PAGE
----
Alternative Shakespeare

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We are recycling this blogpost from last year in commemoration of Earth Day and Shakespeare's birthday! We also wanted to include two new Shakespear-inspired titles: Pop Sonnets: Shakespeare Spins on Your Favorite Songs and Haider, a Bollywood take on Hamlet

April 23rd is traditionally listed as the birthday of William Shakespeare, although no record of his birth remains. The Bard was born in Stratford-upon-Avon and was baptized on April 26th, 1564. He died on April 23rd, 1616, also in Stratford-upon-Avon. Thus, the month of April can rightly be said to represent both the birth and death of one of the pre-eminent writers in the English language.

The name Shakespeare might conjure visions of dusty literary tomes and mind-twisting interpretations of Elizabethan prose. However numerous works of Shakespeare have been translated into alternate formats. Try watching Richard III on DVD or reading Romeo and Juliet as a graphic novel or kickback and listen to The Tempest downloaded to your iPad.

If you were never blown away by Julius Caesar or Hamlet, come into the library and try some of these off-kilter tales dealing with The Bard in some of the most unlikely settings imaginable.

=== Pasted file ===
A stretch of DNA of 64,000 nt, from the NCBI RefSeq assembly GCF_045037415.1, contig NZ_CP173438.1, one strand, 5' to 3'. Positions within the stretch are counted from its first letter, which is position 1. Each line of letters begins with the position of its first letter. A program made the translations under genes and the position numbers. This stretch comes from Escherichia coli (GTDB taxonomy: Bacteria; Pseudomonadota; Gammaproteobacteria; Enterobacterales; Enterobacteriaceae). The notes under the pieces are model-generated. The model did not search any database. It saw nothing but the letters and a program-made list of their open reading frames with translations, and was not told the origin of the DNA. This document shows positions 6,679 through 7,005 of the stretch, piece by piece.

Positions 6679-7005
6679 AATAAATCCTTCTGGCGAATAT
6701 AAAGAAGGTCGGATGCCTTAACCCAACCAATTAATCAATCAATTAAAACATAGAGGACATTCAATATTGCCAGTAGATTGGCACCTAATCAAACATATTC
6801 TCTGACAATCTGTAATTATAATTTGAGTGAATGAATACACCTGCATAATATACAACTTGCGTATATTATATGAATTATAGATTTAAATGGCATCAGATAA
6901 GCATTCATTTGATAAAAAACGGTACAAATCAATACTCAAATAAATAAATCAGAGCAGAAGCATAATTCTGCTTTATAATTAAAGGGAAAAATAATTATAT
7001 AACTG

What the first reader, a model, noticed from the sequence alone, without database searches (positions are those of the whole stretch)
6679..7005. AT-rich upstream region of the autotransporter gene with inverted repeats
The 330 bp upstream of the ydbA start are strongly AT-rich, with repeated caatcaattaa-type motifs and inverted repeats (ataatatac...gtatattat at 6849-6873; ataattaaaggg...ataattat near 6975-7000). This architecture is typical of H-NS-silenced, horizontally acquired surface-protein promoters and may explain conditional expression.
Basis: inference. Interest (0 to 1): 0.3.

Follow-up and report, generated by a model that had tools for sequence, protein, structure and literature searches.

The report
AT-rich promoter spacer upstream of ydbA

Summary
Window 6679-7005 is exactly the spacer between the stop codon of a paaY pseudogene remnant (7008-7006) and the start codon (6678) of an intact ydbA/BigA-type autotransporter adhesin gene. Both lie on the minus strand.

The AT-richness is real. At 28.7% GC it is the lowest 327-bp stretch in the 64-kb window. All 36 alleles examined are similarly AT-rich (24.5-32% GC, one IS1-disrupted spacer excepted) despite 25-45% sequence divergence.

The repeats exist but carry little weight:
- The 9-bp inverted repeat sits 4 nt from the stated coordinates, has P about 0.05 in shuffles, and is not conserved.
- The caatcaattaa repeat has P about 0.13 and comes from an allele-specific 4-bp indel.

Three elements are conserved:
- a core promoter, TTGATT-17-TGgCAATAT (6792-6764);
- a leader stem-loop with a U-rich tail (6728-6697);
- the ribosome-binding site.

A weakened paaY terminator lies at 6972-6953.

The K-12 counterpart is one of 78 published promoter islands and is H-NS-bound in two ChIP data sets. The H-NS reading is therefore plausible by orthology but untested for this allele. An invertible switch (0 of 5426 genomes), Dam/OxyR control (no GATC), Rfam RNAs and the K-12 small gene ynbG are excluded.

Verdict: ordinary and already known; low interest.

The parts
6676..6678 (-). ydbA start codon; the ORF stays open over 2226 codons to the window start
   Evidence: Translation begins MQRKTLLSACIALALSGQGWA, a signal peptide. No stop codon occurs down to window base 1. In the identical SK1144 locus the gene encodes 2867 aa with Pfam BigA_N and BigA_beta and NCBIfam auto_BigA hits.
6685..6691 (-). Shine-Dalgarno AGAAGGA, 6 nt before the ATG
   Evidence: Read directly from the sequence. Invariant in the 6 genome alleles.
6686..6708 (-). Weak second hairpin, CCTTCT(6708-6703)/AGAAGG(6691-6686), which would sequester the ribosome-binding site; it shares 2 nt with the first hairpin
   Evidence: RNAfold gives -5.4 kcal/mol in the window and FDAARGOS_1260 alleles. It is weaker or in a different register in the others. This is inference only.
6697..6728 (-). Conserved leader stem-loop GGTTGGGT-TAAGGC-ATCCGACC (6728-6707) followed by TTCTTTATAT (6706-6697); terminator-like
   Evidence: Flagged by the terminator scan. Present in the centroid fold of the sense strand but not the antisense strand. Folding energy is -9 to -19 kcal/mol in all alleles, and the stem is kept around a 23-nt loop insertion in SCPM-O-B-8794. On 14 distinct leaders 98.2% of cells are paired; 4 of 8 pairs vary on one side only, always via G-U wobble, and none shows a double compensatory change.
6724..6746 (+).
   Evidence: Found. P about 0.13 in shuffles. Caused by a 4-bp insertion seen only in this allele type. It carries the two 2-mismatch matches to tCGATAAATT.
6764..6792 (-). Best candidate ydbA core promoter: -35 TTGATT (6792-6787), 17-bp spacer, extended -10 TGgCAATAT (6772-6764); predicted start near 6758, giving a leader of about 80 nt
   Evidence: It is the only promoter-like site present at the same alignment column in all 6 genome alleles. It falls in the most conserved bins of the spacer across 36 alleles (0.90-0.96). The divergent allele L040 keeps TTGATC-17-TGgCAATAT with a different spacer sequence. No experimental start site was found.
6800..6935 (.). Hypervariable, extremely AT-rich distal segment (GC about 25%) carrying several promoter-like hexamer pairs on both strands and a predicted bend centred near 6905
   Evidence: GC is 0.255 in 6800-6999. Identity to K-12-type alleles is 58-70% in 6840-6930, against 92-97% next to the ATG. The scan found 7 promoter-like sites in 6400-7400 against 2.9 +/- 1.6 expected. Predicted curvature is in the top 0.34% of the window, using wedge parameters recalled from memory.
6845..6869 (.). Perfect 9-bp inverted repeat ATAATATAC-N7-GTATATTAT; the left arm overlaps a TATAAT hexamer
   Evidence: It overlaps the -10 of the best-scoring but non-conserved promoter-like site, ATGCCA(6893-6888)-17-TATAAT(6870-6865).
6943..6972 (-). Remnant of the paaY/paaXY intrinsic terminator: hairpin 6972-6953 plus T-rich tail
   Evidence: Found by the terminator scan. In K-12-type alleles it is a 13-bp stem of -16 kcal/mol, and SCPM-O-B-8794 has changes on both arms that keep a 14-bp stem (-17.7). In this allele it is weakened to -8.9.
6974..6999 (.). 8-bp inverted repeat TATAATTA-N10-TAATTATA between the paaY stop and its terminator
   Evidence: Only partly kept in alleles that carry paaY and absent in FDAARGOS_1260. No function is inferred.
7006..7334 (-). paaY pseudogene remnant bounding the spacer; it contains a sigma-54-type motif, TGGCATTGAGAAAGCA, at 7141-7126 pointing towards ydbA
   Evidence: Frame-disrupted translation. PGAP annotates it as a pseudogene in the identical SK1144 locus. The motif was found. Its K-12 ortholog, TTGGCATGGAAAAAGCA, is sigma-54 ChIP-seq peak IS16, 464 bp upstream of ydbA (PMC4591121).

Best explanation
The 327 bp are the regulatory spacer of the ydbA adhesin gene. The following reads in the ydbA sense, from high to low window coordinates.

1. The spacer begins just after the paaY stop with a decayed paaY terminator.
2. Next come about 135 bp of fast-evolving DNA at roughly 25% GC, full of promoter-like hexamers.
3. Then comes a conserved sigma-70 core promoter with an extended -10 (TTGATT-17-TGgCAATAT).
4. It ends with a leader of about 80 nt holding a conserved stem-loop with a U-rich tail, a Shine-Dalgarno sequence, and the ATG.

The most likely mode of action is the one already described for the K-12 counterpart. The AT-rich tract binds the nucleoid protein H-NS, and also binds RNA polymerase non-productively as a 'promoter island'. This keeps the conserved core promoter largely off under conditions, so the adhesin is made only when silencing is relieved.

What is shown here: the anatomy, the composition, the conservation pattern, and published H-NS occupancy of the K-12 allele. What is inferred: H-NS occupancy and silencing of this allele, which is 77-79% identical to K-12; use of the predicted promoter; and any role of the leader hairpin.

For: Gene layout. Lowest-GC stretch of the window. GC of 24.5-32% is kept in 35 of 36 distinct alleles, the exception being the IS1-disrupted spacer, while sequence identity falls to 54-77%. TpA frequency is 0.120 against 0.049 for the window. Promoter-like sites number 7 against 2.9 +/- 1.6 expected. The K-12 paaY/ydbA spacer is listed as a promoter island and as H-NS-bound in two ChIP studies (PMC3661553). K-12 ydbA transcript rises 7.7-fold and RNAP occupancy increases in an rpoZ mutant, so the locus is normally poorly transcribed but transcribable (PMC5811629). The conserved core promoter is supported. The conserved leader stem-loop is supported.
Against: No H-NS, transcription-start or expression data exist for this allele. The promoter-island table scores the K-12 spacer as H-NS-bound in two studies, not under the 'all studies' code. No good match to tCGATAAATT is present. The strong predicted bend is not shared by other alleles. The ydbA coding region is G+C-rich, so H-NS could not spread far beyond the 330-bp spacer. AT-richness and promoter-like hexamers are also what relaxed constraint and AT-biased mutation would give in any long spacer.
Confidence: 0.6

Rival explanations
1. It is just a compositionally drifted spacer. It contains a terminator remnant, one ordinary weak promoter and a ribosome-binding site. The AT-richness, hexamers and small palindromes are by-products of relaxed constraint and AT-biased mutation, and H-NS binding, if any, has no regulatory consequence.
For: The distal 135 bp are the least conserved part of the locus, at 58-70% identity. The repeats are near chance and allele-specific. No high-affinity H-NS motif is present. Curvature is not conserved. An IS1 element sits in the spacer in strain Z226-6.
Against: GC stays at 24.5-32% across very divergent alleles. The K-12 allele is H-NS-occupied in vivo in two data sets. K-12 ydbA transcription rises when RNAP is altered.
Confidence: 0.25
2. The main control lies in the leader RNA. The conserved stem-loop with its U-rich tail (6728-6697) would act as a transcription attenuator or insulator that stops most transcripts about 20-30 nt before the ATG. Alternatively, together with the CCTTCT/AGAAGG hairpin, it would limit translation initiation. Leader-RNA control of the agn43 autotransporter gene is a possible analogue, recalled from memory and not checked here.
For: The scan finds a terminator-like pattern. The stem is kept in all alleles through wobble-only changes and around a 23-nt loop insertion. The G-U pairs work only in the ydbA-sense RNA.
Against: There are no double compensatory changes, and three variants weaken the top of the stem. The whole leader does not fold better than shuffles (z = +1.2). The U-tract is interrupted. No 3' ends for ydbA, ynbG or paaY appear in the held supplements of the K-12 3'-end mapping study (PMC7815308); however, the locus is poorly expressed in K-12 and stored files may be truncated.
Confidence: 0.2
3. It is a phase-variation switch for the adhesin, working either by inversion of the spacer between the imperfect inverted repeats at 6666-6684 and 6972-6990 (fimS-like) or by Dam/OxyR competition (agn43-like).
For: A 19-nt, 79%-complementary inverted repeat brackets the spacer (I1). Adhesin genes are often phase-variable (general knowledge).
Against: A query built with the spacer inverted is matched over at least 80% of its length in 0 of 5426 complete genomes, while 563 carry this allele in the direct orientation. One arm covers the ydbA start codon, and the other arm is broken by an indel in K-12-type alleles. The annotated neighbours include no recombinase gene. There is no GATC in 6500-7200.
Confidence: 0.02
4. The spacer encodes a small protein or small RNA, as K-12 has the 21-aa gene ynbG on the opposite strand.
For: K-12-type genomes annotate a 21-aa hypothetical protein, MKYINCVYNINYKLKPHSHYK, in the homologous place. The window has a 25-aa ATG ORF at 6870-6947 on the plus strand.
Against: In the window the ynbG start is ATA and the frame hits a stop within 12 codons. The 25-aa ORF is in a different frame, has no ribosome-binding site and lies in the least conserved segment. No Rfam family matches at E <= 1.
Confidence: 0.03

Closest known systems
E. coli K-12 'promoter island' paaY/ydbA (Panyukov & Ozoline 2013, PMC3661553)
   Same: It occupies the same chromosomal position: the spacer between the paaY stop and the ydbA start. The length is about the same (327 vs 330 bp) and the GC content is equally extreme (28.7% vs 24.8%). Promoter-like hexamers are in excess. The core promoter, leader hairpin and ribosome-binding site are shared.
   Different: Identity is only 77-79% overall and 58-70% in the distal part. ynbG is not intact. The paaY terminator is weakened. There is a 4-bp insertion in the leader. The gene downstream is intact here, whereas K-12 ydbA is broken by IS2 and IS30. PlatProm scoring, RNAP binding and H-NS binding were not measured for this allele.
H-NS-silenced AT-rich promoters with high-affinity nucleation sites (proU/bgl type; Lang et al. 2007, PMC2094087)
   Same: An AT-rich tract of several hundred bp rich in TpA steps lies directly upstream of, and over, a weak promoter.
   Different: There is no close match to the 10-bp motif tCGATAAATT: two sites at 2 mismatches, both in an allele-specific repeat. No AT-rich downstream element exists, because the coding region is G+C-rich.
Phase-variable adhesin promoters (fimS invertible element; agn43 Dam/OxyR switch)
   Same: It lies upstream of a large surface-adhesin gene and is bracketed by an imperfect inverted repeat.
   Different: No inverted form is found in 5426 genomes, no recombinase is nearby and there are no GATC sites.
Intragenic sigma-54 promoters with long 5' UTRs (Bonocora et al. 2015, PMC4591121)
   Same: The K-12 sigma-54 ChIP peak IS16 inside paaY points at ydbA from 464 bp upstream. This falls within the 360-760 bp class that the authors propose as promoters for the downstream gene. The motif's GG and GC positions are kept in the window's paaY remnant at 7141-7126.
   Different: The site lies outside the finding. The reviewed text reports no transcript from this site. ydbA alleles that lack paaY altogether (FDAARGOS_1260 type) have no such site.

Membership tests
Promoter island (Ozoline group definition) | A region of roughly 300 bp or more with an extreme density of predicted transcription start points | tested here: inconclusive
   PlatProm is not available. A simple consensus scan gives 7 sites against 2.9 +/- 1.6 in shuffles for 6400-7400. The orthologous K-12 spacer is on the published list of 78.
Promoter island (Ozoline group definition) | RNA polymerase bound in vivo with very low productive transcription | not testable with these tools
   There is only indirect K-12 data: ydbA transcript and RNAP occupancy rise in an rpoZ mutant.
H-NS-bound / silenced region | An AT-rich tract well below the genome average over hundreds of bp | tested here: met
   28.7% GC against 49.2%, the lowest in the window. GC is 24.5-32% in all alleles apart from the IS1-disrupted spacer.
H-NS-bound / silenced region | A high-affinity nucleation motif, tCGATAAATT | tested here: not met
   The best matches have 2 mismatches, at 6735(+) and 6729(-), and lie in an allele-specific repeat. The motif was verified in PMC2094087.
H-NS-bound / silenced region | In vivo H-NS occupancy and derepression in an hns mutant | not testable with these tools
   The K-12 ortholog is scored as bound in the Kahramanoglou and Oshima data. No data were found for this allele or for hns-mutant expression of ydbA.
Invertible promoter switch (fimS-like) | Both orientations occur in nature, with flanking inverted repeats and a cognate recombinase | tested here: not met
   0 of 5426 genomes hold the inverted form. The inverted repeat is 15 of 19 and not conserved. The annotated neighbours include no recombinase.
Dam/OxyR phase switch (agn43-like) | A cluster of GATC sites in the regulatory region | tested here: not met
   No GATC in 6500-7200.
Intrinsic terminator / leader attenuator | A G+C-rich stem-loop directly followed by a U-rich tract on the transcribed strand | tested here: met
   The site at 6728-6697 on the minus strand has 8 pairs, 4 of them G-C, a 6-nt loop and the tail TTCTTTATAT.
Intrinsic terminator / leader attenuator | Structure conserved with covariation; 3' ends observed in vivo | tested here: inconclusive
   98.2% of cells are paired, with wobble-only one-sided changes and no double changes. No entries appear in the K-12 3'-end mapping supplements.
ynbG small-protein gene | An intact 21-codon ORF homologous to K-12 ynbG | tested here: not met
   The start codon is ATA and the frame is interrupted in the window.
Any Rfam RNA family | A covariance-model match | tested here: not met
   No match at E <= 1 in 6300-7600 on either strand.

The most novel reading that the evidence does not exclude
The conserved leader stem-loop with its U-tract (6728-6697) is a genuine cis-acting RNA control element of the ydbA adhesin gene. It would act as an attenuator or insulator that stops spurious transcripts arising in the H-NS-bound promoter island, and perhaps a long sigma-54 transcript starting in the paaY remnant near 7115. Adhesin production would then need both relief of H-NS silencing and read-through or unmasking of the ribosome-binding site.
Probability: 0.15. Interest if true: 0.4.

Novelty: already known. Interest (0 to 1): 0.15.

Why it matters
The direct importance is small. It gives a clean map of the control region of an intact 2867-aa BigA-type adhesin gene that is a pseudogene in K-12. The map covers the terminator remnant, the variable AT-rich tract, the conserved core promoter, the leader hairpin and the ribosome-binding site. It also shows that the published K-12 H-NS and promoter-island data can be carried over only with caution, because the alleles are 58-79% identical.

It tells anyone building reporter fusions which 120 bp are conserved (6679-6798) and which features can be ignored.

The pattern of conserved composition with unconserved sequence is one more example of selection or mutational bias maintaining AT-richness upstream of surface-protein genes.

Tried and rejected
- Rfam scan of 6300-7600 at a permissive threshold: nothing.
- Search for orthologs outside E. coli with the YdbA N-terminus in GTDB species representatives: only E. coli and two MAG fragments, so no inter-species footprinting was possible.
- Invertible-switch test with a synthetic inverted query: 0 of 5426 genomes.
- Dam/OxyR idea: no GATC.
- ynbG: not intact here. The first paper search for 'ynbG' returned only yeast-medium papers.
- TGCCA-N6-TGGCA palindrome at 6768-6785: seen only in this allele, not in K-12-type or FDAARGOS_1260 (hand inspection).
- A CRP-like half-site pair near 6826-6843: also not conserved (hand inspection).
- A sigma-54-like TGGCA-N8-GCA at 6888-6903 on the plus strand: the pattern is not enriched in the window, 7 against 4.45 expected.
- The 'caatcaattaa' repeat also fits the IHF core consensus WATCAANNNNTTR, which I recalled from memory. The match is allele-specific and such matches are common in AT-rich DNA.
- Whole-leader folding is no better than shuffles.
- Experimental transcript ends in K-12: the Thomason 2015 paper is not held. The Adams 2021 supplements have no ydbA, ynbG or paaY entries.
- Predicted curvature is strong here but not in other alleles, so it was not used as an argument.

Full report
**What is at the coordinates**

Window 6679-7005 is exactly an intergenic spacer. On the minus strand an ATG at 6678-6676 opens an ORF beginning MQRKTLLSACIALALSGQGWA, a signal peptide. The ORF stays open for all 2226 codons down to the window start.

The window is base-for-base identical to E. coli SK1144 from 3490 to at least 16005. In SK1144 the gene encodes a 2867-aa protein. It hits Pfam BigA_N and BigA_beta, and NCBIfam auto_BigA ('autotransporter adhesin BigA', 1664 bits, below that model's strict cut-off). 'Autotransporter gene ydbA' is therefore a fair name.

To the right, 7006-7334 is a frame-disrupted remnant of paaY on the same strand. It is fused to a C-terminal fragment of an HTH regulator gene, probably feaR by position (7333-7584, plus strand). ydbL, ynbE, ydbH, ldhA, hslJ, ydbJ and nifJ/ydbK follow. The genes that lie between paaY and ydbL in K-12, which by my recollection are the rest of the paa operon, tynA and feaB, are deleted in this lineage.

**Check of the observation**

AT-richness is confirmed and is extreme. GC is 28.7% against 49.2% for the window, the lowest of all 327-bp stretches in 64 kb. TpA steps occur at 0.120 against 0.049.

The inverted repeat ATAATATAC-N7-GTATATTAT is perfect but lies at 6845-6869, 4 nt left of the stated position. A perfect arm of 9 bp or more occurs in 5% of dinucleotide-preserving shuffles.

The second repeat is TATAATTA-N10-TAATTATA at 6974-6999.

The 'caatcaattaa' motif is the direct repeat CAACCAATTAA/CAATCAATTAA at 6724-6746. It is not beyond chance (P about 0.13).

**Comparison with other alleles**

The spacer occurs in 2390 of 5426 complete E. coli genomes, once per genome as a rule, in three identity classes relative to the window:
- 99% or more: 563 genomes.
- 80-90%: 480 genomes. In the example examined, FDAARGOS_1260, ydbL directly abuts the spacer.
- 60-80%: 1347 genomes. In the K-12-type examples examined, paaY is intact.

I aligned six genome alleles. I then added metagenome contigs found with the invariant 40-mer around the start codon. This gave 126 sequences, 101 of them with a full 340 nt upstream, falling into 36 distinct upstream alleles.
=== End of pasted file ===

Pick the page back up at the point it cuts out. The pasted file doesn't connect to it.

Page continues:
Kill Shakespeare by Conor McCreery – A series graphic novels where the heroes of Shakespeare’s plays face-off against the villains in an effort to kill an evil wizard who happens to be named William Shakespeare.

 

 

 

 

Shakespeare Saved My Life by Laura Bates – A true story of an English professor and a convicted murderer who met in a super max prison. It details the experience of teaching Shakespeare to a convicted felon and the surprising results.

 

 

 

 

Wicked Will by Bailey MacDonald – A mystery featuring a young woman, disguised as a boy, who must save her uncle from a murder charge. Her only ally is a local youth by the name of Will Shakespeare.
 

 

 

 

 

Or try Ian Doescher’s unique marriage of Shakespeare to Star Wars. A wonderful re-imagining of the Star Wars trilogy told in iambic pentameter.

 

 

 

 

~Chris Hu, Library Materials Services

 

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